I'm thowing in w/Jay here. I am partial to AVG, mainly because it is free, it has clients for Linux and Windows (both of which I use regularly) and Macs, and it has been proven to work for me in the past. Oh, also, I like being able to script w/it in Linux.

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    I have read from Wikipedia Linux Malware that there was a virus called BLISS and another RST.b that had infected the Linux OS back in 1997. Also read that a virus has to get access to the ROOT user. That tools chrootkit is all that is needed. Are other Linux Virus protectiion apps overkill some what?

    james

  8. #8
    oz
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    Quote Originally Posted by jlopes151 View Post
    Are other Linux Virus protectiion apps overkill some what?
    Hello

    My personal opinion is that some users are more likely to get a virus than others because of their own Internet and computer usage habits. I have a Windows box that I ran for 18 months without any antivirus application at all and never got a virus during that time. Still, that left me at risk although maybe not as much so as some users would have been in that same position. So far, I've never used any antivirus software under Linux.

    In the end, I think some users need all the antivirus and other security software help they can get while other users may not need it so much. If you are paranoid about security, it would make sense to install whatever apps are needed to leave you feeling more comfortable. On the other hand, just because someone "feels safe", it doesn't necessarily mean they are.
    oz

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    The wikipedia article states the following:

    Although it was probably intended to prove that Linux can be infected, it does not propagate very effectively because of the structure of Linux's user privilege system. The Bliss virus never became widespread, and remains chiefly a research curiosity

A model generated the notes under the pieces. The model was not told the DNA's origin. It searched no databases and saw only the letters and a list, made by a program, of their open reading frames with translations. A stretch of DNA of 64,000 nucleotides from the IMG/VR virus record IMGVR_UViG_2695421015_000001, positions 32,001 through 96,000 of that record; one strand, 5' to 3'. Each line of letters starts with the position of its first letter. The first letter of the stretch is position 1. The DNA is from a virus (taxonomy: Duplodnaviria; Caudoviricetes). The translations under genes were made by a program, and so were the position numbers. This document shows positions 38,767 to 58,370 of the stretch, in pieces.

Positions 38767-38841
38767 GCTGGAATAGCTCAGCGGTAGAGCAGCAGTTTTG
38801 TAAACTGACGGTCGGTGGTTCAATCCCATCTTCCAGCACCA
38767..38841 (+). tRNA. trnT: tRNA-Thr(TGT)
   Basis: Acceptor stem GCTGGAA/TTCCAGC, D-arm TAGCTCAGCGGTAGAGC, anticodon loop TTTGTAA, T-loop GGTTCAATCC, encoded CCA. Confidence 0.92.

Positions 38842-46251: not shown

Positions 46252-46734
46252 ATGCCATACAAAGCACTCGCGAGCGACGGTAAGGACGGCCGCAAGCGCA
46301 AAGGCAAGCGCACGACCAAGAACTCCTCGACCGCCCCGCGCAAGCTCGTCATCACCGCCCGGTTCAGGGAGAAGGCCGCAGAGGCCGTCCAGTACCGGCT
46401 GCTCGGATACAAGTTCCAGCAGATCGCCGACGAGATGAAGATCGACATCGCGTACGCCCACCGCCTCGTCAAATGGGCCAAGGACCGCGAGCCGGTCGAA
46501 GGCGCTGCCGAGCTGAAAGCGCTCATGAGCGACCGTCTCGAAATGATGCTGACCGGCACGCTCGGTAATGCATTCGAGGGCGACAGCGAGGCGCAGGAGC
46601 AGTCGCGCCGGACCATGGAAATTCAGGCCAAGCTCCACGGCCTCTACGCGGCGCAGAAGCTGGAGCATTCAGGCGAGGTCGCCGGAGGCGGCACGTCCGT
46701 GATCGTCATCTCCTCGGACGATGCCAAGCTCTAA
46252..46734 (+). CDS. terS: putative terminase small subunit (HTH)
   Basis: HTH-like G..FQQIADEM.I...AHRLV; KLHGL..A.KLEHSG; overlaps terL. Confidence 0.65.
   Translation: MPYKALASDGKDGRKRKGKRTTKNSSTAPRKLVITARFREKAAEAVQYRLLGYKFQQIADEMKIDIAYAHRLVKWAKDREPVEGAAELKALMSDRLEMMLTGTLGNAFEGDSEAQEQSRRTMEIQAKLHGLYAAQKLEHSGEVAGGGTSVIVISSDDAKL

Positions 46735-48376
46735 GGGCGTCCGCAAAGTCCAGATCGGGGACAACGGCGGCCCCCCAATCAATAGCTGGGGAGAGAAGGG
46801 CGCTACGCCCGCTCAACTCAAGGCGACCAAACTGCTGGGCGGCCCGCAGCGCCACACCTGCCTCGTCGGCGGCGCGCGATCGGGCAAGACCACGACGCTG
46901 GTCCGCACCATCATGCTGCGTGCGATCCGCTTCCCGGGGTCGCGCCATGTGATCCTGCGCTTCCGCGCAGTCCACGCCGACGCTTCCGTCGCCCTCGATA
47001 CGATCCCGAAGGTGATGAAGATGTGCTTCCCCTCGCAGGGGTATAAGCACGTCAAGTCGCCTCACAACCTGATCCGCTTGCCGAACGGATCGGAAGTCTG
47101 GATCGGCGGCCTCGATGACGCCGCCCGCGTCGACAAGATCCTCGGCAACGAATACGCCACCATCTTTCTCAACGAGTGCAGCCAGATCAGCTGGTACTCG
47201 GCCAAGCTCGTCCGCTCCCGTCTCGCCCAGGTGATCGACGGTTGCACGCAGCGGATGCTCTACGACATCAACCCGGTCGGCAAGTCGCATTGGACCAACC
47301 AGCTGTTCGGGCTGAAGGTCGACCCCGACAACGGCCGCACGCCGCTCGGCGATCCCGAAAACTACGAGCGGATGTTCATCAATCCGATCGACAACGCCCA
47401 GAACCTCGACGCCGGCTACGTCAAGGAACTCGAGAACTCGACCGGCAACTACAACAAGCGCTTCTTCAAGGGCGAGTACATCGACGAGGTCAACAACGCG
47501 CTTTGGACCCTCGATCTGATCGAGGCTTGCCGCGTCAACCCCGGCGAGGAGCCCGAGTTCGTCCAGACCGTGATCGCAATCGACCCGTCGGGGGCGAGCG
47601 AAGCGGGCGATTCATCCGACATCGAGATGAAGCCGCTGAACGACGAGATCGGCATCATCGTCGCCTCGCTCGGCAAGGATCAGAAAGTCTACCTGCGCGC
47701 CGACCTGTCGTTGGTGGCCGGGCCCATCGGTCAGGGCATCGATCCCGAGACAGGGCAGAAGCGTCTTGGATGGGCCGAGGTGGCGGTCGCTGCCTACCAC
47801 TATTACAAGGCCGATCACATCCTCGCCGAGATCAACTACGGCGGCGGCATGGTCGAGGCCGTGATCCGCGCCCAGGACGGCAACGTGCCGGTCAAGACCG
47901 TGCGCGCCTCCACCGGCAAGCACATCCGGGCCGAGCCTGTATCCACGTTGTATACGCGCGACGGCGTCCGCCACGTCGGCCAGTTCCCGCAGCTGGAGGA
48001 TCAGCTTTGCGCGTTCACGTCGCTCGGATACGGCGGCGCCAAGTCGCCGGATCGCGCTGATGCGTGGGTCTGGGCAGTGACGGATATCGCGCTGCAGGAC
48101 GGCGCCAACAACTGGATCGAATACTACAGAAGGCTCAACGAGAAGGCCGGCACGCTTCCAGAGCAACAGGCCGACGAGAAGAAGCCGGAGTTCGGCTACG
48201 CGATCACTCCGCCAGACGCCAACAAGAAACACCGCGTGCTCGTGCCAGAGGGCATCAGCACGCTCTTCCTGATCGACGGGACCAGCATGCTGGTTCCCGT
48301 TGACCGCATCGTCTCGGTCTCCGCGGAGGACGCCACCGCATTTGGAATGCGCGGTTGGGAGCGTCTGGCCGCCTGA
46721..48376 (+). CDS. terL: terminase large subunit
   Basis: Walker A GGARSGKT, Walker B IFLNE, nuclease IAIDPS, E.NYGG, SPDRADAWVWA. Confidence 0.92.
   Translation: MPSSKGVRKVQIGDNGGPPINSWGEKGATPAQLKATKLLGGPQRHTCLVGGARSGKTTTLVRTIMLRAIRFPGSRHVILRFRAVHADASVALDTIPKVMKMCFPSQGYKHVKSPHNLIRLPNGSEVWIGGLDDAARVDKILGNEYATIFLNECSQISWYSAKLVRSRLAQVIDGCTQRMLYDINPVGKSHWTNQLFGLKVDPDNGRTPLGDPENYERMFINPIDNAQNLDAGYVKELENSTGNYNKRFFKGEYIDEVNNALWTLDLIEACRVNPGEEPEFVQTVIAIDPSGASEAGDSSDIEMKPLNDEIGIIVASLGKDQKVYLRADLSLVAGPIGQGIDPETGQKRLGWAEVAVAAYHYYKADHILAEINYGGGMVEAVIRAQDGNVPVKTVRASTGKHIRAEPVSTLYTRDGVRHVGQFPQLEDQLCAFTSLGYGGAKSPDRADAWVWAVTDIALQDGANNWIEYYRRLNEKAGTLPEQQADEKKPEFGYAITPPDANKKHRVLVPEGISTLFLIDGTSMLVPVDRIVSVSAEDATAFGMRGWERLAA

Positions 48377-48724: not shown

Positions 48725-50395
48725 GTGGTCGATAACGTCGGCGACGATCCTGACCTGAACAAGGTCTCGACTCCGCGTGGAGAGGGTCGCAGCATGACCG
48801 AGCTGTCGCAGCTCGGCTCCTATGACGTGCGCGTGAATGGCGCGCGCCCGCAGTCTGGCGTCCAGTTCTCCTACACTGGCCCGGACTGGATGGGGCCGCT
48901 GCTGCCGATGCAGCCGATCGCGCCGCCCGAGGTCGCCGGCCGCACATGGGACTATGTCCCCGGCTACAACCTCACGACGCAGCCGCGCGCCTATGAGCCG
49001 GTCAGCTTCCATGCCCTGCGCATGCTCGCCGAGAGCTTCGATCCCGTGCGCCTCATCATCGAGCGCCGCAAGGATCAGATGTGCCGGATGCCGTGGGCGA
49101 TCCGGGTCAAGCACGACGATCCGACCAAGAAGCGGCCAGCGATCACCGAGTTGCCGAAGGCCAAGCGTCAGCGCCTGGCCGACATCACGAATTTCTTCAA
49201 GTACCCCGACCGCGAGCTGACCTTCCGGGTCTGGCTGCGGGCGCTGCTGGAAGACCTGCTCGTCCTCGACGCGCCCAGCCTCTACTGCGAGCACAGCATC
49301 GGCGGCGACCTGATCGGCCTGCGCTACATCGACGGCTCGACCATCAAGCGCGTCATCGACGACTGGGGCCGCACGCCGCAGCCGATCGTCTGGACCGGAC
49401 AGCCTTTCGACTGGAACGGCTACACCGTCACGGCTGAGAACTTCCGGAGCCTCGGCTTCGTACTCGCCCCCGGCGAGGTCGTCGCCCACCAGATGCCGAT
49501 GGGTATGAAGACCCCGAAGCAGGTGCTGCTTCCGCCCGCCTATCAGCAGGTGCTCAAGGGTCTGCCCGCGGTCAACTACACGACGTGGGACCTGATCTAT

More info on "bliss" at the link below with other links with more details:

    Bliss, a Linux virus

    Using good passwords and running only known programs and doing only administrative tasks as root should prevent most problems. On the other hand, there are free antivirus programs available as suggested above that you are free to use. Although malware can be run on any OS, it would be more difficult on Linux/Unix because of the structure of the filesystem.

  10. #10
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    If you don't develop, you may mount your /home on a separate partition, and mark it as "noexec" at creation time, instead of "defaults". OZ is saying he doesn't even have an antivirus on his windows setup. I don't subcribe to his point of view. I myself have an antivirus on my W7 dual-boot, I almost don't surf with it, and I catched SweetIM and Boxore, 2 annoying malwares I removed by removing their directory in "C:\PROGRAM FILES" with my LinuxMint dual-boot. I don't have an antivirus on my Linux computers since 16 years, and I never catched a malware of any kind...